Treatment strengthens those connections from the thinking part of the brain to the emotional, alerting part, the amygdala, to retrain the amygdala not to put the priority on these sounds that it once did. We are retraining the thought process. Remember that our brains are ‘plastic,’ we can learn and change some pathways and therefore some habits. We want to start enhancing those connections from the thinking part of the brain to the emotional part; to retrain the amygdala not to put the priority on these sounds that it once did. Because misophonia trigger sounds are so intrusive, it is necessary to cushion these sounds in the brain so the brain can deal with them. If we eliminate the triggers altogether, the brain in unable to deal with them at all and the misophonia actually becomes worse. It’s a balancing act that requires the help of a professional.

Researchers have not determined why some people have such severe sound sensitivities. It is apparent, however, that they are real and in some instances are debilitating. But there is help.

So if this is what’s happening, what can we do about it? Does a person with misophonia have to live with it? Can it be cured? Like someone who is truly tone deaf, they may not be able to sing at Carnegie Hall, but they might be able to learn to play a musical instrument with instruction and practice. Our brains are made to learn. They are ‘plastic.’ But sometimes they also need special help. I am convinced that, if the person with misophonia could ‘habituate’ to trigger sounds on their own, they would. But since they can’t, professional help may be in order and has brought relief and even, in some circumstances, a “cure.” We want to start enhancing those connections from the thinking part of the brain to the emotional part, the amygdala, to retrain the amygdala not to put the priority on these sounds that it once did. And because the trigger sounds are so intrusive, it is necessary to cushion these sounds in the brain so the brain can deal with them. If we eliminate the triggers altogether, the brain in unable to deal with them at all and the misophonia actually becomes worse. It’s a balancing act that requires the help of a professional.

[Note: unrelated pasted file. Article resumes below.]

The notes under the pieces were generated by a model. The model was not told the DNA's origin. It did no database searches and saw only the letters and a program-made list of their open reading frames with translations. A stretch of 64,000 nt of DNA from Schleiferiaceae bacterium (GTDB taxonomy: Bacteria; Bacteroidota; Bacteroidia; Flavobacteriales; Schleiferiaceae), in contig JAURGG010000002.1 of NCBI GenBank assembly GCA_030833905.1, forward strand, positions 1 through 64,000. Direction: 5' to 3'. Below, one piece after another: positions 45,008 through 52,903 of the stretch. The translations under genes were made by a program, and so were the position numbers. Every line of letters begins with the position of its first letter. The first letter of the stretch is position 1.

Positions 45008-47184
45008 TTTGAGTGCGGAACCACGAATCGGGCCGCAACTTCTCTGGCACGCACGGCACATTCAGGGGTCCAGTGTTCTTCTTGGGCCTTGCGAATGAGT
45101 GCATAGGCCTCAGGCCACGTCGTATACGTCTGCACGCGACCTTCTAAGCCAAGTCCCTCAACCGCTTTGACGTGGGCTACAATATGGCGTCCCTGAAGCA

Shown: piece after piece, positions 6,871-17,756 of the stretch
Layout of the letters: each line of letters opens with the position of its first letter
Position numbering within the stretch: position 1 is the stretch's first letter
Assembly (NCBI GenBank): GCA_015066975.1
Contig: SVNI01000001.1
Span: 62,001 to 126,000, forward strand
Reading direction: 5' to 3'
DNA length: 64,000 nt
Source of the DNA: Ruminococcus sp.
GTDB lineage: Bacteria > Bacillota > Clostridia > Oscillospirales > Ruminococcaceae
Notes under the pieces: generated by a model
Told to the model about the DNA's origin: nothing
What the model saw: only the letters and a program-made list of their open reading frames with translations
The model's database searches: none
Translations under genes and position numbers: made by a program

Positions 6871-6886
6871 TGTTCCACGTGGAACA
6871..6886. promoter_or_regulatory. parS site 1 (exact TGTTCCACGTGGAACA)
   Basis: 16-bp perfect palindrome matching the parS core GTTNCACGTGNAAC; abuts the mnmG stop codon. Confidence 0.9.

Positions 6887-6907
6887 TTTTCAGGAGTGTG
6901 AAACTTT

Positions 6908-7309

But why do the brains of some people do this but not others? Don’t know. Brains are different. Why do some people have perfect pitch but others can’t carry a tune in a bucket? Why is one child a mathematician and their sibling a writer? We’re just different. But like someone who is truly tone deaf, they may not be able to sing at Carnegie Hall, but they might be able to learn to play a musical instrument with instruction and practice. Our brains are made to learn. They are plastic. And when we need to change some of those processes, a professional is needed.

Paula Land, Au.D.

About Paula Land, Au.D.

Dr. Paula Land began her professional life as Lt. Paula Humphreys, USMC after receiving her Bachelor of Arts degree from Roanoke College. She transitioned to audiology in 1984, earning a Master of Science degree in Communication Disorders – Audiology from the University of Texas at Dallas and later received the Doctor of Audiology degree from the University of Florida in 2011. Dr. Land is Board Certified in Audiology, holds the Certificate of Clinical Competence from the American Speech Language and Hearing Association and is a Fellow in the American Academy of Audiology and the Tinnitus Practitioners’ Association.